Moss and grass on one of the many low dry stone walls around here.
To the left you can see old bronze age mounds, to the right a more modern religion can be seen in the form of the curch in Hov. This is also a relatively big pic (700 px wide) so be sure to click it so you can enjoy it in full scale.
View over Skälderviken bay and the peninsula of Kullen. If I seem to only take photos from this point during wintertime there's a reason for it: during the warmer months there's a lot of electric fences, cows and crops in the way between this spot and our house. Too much of a hassle (and last year one of the neighbour's cows was unreliable so we were warned to not be on the wrong side of the fences).
The rest of the pics were a bit so-so even after editing in Picnik so I took the opportunity to add effects in Pixlr-o-matic which I like, but before getting that far, I found Pixlr's new Express and had to give that a go. Now that Picnik is shutting down, I'll have to check out the other free image editors to find a new favourite. So far Pixlr Express seems interesting and I like that it has all the o-matic has but without the hassle of flipping back and forth plus some image editing tools. And you can use multiple overlays, effects and borders -- something I missed using the o-matic. For the rest of the things I want to be able to do with my photos, I'll probably have to check out the Editor -- just having looked at it a few minutes, it looks promising.
First one's my favourite. That's why it's at the top. With the second pic, I used a ripped frame to remove a part of the image I didn't like. With the third pic, I forgot it's a bad idea to add a (toned out) black frame on top of a white one: it turns the white frame grey. Should've done it the other way around. Well, now I'm sure to remember it next time!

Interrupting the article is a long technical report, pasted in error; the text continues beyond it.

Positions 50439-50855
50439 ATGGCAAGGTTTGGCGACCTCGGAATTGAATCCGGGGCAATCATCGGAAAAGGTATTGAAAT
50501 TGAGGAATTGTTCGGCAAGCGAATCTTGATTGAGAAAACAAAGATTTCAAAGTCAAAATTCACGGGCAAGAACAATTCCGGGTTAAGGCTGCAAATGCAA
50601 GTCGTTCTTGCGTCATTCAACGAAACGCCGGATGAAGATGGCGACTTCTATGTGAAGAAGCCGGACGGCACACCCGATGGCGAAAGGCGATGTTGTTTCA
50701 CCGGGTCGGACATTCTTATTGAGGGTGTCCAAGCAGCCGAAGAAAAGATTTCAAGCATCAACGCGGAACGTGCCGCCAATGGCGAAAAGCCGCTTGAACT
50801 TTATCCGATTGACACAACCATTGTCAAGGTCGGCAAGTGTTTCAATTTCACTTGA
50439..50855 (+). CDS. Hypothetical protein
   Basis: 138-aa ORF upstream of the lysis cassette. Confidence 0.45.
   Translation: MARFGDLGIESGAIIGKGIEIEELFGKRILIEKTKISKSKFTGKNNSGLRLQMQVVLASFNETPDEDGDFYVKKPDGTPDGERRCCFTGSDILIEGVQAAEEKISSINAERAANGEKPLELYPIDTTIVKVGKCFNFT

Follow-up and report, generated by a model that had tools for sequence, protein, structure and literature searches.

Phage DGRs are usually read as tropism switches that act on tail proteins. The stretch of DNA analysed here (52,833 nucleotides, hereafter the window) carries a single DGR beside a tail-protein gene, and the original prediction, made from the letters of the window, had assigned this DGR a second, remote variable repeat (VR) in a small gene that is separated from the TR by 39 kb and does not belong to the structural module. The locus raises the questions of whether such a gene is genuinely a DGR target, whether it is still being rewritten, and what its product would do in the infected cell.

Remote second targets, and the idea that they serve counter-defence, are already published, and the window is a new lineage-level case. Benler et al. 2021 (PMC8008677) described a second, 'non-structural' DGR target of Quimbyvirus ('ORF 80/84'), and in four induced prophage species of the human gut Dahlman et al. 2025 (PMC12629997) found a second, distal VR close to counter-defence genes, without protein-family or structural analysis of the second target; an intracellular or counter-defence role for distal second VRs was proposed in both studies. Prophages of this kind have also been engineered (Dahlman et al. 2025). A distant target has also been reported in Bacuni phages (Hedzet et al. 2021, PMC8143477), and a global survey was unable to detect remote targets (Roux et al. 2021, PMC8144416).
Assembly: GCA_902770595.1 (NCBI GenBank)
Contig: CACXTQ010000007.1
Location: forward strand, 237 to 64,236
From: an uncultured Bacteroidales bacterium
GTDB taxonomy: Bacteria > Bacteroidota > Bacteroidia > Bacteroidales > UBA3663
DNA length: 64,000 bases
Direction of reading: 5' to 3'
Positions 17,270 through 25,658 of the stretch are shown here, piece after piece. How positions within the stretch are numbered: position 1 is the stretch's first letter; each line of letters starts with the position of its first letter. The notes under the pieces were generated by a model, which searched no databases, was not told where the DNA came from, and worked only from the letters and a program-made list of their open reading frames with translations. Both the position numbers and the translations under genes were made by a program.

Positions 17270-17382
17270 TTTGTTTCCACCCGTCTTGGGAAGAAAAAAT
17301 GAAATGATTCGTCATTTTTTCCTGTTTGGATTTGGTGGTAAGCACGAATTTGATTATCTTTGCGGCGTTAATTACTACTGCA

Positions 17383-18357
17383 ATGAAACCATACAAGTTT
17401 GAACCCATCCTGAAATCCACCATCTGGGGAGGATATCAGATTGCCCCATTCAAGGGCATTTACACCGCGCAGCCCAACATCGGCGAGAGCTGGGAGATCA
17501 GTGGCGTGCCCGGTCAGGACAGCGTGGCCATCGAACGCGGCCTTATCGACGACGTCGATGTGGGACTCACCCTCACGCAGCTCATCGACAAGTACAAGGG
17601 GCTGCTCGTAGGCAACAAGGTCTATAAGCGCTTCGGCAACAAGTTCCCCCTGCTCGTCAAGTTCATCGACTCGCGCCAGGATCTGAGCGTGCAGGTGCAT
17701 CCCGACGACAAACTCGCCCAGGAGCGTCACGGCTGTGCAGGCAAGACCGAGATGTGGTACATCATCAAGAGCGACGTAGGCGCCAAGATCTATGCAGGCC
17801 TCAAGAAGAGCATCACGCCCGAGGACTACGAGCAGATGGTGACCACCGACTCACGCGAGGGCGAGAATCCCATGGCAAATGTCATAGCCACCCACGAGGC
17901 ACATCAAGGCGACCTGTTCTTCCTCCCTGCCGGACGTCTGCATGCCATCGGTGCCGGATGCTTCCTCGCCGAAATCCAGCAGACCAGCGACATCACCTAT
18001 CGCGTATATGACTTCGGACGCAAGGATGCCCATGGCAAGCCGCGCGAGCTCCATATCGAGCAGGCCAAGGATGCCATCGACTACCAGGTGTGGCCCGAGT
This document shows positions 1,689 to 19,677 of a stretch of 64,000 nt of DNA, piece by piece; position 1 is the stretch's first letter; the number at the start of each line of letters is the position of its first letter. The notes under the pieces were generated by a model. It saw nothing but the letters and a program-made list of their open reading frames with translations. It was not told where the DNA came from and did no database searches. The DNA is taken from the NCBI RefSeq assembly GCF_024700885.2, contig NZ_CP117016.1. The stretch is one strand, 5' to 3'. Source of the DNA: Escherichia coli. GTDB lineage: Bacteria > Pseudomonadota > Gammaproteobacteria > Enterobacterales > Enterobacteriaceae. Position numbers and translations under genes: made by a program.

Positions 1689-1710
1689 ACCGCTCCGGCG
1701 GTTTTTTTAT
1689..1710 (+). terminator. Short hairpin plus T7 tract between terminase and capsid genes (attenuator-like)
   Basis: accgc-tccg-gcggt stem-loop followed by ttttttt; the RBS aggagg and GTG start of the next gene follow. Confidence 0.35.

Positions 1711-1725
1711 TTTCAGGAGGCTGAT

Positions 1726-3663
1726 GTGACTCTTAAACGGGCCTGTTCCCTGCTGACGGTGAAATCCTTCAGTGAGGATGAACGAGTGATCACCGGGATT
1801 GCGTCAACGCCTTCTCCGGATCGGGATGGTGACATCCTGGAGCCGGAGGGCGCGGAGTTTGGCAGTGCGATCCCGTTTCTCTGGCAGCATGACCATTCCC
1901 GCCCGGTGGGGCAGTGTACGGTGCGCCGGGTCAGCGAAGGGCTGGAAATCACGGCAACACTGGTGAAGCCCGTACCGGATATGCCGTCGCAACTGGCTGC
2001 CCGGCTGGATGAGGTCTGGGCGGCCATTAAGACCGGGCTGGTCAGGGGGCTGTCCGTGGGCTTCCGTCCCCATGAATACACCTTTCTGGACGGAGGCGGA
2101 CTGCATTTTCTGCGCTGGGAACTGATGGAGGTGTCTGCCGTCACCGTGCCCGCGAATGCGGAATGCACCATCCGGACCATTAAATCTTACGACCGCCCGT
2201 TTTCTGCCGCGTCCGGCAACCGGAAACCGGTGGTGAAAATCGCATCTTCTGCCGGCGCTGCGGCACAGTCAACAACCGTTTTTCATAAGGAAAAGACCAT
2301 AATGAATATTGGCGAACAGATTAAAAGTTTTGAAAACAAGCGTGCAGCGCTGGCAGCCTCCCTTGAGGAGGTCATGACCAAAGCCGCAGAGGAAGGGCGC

Sunday, 22 January 2012
It's time for the first recap of my writings at Manekis Pärlblogg for the year. As usual there's everything from project tips to fun websites, but this time with unusually many tips on contests and challenges.
Saturday, 21 January 2012
Inspired by my "flowering feather stitches" that you could read about yesterday, I stitches a few more lucite flowers last night. This time I just wanted to try a different way of embroidering with centre-drilled flowers and beads. Normally you fasten flowers like this by "locking" it with a seed beads. Thinking about the long stamen you can find on e.g. the delicated little veronicas (speedwell), I thought it might not always be a bad to have thread showing. So I simple tacked it down with four straight stitches between the petals. For the flower at the top, I also added a small french knot to the centre.
I also added leaves to some of the flowers. A stalk of doubled feather stitch for the middle fllower and doubled fly stitches for the flower in the bottom left corner. My favourite is in the bottom right corner. There I added small lazy daisies between each petal.
Going through my flower bead box for additonal flowers to stitch, my eyes fell on my black metal bead caps that I bought to use as flowers rather than caps. Of cause I had to embroider with one of those!
Here I first tacked down the cap using straight stitches between each petal and then I anchored it further by stitching around each petal and then over two petals at the time (resulting in the pentagram/star shape you might see in the middle). To make the centre less hollow, I ended by making a small stitch over the threads in the middle.